HODEIDAH: Yemen’s Houthi group said on Wednesday it was ready to stop fighting and join a national unity government, raising hopes of a resolution to a conflict that has killed more than 10,000 people.
The announcement appeared to confirm the details of a deal set out by US Secretary of State John Kerry a day earlier that he said included plans for a ceasefire starting on Thursday.
Mohammed al-Bukhaiti, a member of the political council of the Houthi’s Ansarullah group, said Saudi Arabia had also agreed to end its involvement in the war — though there was no official confirmation from Riyadh.
“Ansarullah’s position has been and still is with stopping the war and the establishment of a national unity government that incorporates all political components,” Bukhaiti told Reuters, responding to a question on Kerry’s announcement.
“The new thing is in the position of Saudi (Arabia), which has agreed in principle to stop the war as one of the parties to the conflict,” Bukhaiti added.
Kerry, in what could be his last trip to the Gulf before President Barack Obama’s term ends in January, said on Tuesday that officials from the Houthi group and the Saudi-led coalition meeting had agreed to a ceasefire starting on Thursday.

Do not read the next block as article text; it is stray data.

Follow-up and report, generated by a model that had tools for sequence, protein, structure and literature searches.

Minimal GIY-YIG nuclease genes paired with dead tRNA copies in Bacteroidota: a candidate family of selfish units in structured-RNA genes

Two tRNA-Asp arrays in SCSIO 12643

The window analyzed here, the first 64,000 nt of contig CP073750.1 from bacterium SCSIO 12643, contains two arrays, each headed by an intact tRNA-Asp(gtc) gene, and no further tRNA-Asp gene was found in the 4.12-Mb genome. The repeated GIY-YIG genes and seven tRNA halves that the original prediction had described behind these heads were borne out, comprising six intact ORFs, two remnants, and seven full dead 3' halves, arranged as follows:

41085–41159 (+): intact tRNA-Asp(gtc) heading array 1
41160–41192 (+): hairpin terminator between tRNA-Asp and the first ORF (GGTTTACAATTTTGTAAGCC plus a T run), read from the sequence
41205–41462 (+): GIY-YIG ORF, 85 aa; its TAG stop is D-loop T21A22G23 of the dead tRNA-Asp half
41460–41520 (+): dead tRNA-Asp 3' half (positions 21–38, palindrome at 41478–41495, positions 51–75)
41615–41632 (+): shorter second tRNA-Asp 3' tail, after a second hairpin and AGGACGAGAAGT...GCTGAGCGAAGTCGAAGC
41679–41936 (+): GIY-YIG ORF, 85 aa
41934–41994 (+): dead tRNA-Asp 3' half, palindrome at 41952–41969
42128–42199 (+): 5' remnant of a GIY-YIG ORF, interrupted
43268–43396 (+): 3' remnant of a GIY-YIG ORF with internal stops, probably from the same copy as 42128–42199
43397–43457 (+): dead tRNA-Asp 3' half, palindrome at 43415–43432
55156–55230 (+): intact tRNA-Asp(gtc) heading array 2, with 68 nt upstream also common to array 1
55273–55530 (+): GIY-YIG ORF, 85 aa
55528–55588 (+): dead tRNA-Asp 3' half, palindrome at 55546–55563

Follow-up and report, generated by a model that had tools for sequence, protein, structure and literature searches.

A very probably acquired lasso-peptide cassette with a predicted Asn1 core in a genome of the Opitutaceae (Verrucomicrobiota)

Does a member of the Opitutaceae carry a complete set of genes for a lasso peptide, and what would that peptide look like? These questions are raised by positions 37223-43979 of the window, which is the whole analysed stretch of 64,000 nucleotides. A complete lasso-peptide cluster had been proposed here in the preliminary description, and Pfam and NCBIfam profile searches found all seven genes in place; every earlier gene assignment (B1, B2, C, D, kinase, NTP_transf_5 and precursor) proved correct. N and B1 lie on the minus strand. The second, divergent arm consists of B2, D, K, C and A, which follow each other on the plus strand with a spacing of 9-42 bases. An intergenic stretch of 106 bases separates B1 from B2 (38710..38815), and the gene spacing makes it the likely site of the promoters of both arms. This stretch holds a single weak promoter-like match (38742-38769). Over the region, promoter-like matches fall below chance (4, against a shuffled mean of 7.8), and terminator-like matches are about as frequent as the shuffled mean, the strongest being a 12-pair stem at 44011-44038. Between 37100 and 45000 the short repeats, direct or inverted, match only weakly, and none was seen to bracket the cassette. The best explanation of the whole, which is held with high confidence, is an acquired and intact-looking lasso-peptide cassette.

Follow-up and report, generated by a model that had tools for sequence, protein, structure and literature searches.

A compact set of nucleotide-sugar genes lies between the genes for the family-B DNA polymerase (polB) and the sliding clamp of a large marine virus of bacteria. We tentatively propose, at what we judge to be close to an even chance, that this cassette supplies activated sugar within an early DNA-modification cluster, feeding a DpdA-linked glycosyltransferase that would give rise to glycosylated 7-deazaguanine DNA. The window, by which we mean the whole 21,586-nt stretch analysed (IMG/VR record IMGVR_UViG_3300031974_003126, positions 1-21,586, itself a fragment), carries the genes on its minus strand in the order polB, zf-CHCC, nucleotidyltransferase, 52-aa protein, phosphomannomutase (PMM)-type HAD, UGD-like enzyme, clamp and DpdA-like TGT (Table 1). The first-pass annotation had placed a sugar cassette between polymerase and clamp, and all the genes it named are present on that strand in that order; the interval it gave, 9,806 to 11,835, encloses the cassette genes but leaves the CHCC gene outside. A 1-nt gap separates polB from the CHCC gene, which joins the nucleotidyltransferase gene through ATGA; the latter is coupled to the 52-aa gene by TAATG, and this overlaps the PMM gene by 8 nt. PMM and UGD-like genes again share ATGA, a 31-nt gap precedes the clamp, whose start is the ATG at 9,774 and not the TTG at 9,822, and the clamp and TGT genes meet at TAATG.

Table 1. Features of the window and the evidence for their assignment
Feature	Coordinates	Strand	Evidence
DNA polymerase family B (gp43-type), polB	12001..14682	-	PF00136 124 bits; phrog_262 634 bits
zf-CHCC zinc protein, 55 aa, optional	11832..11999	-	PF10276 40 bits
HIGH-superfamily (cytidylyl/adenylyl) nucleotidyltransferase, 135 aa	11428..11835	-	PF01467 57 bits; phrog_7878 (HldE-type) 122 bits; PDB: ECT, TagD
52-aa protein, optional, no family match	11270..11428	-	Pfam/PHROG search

Underlining the complexity of the situation, Hadi’s government quickly rejected the move, complaining that it had been bypassed. Copies of a UN peace plan seen by Reuters in October suggested he would be sidelined in any future government.
Yemeni Foreign Minister Abdel-Malek al-Mekhlafi said Kerry’s announcement had not been coordinated with the government which, he said, was not interested in the plan. “I believe the current US administration is incapable of providing any guarantees to any party and what Kerry has said is no more than a media bubble at our people’s expense,” Mekhlafi told Al Jazeera.
50 dead in heavy fighting
Heavy fighting between government forces and rebels in north and west Yemen has left 51 dead military officials said on Wednesday.
They said forces loyal to Hadi have clashed since Tuesday with Huthi rebels and allied renegade troops in the country’s northwest, near the border with Saudi Arabia.
Be Part of Quality Journalism
Quality journalism takes a lot of time, money and hard work to produce and despite all the hardships we still do it. Our reporters and editors are working overtime in Kashmir and beyond to cover what you care about, break big stories, and expose injustices that can change lives. Today more people are reading Kashmir Observer than ever, but only a handful are paying while advertising revenues are falling fast.